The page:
Sunday, January 22, 2006

Parallell realities...

When someone spells out the same thoughts that you thought, it has an endearing effect. I've never felt the need to
sympathise with autistic kids or mentally underdeveloped people. They do not belong to the realm that we perceive as
real, normal and fully functional. They have their own realities. But then, we do not belong there. So we're even. At times, i even
envy them (but quickly reason out thinking their worlds would have problems too). Anu (Shabana Azmi) in a scene in '15 Park
avenue' questions our right to try and get these people back to our perceived reality. Meethi's (Konkona Sen) psychiatrist offers
a logical explanation for that, but logic is never convincing enough on such issues. That scene struck a chord, and after that i got into a state
where i could find nothing wrong with the movie (rightly, or not rightly, so). It was an intriguing movie...some strings were let loose, and
the incompleteness added to the beauty...well, it wasnt incomplete in the real person gets a closure and the rest begin
their search for something that doesnt exist...
quite a few in the theatre were laughing out for the wrong scenes...i cudnt relate to that...they wouldnt relate to my perception of the
movie...not that it matters...nor wat i think about them matters...parallell realities...subjective....

Saturday, January 07, 2006

Happy? New year

It is a little late in the day. It is all manufactured anyways, so whats the big deal...for whatever it is worth
new year wishes to anyone who drops by...
New year eves were so much fun back in Trichy, when i was a school kid...Dad was this social butterfly...
some 7-8 neighbouring families would get together at my home (ofcourse i chipped in for the PR work, but Dad
was the prime mover)...there were quite a few kids who were kindof peers, and we managed to have some real
good fun.
Back then festivals were fun as of the first things i used to do every Jan was to check how
far away Diwali was. During Diwali, we had this undeclared contest in our street for bursting the 1st cracker of the day.
Almost every time, it was won buy this school senior of mine called Jayashree, who lived in the last house in our street.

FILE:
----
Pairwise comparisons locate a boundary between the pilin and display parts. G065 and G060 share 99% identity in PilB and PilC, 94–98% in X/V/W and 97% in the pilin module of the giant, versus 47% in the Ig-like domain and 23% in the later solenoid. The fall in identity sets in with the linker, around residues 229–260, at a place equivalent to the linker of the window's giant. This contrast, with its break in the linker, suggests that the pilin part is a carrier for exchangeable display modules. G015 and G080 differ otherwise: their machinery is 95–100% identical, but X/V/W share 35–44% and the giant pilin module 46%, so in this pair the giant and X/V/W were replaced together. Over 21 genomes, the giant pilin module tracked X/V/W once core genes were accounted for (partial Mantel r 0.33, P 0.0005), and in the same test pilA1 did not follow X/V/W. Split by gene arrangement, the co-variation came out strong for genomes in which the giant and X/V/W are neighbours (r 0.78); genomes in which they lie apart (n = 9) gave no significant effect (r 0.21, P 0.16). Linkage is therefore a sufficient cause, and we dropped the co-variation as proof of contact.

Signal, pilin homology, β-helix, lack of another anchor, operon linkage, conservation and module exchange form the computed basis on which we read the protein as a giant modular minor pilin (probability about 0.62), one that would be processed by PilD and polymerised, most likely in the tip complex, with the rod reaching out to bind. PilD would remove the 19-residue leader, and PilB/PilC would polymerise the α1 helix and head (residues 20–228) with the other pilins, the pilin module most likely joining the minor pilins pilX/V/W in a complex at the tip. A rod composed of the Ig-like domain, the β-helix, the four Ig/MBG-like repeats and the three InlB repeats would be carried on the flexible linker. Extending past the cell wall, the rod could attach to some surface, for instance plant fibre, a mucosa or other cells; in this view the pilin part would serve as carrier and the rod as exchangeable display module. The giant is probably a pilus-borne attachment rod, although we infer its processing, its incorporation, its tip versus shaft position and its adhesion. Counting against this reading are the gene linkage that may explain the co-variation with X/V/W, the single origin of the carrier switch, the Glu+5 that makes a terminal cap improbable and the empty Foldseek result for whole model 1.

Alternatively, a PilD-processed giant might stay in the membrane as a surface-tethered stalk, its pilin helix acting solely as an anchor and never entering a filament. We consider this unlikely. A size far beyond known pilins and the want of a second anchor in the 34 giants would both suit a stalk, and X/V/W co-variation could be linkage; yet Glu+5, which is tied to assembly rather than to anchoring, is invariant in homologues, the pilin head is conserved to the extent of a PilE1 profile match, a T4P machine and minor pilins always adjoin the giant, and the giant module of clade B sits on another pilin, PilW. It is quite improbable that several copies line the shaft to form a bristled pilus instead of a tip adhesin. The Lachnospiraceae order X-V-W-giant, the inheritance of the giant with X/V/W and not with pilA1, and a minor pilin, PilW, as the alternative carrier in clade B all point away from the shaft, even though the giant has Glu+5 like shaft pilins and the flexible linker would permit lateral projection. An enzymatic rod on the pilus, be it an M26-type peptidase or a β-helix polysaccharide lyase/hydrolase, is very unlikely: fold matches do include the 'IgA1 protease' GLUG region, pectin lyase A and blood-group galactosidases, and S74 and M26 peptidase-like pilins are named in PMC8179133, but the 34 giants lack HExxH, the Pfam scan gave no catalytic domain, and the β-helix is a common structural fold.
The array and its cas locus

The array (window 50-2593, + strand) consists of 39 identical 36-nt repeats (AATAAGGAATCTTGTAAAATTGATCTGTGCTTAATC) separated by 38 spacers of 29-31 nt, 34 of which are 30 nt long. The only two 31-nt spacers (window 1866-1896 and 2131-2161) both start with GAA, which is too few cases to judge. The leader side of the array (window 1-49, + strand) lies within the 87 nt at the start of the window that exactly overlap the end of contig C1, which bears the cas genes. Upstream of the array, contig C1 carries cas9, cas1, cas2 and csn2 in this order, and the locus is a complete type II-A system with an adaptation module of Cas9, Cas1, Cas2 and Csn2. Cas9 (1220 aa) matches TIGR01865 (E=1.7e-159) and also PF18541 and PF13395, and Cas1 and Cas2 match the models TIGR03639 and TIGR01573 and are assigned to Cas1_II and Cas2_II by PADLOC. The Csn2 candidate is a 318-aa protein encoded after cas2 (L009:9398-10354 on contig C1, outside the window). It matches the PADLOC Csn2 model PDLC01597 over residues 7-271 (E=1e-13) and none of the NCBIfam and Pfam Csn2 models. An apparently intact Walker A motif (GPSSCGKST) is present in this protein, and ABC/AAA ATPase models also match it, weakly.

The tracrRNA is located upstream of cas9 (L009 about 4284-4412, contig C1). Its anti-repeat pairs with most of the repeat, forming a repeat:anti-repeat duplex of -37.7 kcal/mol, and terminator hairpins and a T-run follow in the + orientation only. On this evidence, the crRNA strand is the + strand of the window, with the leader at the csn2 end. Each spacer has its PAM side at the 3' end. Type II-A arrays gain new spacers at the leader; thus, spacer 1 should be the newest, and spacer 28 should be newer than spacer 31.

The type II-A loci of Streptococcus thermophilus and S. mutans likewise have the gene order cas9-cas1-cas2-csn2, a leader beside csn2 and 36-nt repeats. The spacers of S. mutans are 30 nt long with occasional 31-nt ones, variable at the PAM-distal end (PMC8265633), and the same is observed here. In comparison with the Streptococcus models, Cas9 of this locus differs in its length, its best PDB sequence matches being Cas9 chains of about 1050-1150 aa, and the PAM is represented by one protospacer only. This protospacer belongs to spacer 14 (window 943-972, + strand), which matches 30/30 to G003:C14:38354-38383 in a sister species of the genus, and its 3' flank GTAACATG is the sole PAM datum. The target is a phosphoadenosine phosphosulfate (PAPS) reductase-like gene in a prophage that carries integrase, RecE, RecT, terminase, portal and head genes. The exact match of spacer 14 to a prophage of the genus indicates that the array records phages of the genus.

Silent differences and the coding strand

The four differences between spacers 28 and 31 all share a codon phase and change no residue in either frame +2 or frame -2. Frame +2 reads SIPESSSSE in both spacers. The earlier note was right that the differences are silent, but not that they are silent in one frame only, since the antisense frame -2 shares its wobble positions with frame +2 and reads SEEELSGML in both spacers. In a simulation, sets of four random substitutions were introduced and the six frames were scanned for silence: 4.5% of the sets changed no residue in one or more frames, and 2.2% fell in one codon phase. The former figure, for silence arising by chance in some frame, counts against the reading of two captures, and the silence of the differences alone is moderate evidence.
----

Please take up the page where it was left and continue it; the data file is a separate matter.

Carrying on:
Her standard cracker-time was 2:30 am...cant beat that. I never made a real effort to win it, but even i used to be up by
3:30 or so. During the day, everyone went around everyone else's houses eating free sweets (we had to offer sthing different,
dad was an out-of-the box we would give visiters salted-boiled peanuts...and that would be such a relief for the
sweet-weary tongues).
And Pongal (Shankranthi) meant getting up early to walk the streets of Bhelpur (the colony where i lived) to have a look at the
rangolis (entries for Bhelpur's rangoli contest, we never won it). There would be this colony-wide competetions. Mom used to
sing (and some of use used to cheer for her, she was good, and won it a couple of times)...Dad used to sing too (and i would
be embarassed...he wasnt particularly good, but was a good sport)...and at times Sis used to sing too (she was good). I was
never anything more than an onlooker, except the one time when i came 2nd in the musical chairs contest:)...
Coming back to now...festivals have ceased to matter...sometimes it is good to be part of a whole, to celebrate when everyone
else celebrates, and not question it or reason it out...except that i cant get myself to do times i envy people who have
managed to retain the idea of festivals and celebrations...ppl who, on Diwali day, get up early, bathe, wear new clothes, and pray
and eat together. I am not sure if i can ever be that again.
It is not just about festivals. As a kid, i used to go to this temple in our colony daily, and it felt good. Even in college i used to
go to our college-temple almost daily. Now, i think of God as man's creation, as a replica of some kindof external conscience. So
prayer and God have ceased to appeal to me. I dont find it reasonable to go to a temple or pray or do anything that involves delegating
your problem to someone besides yourself. This is surely the right way to live, but this has taken away a pseudo-crutch that i could've
used at times.
Like that guy in 'Matrix' says, sometimes, ignorance is bliss.
Sadly, the path from ignorance to realization is one-way.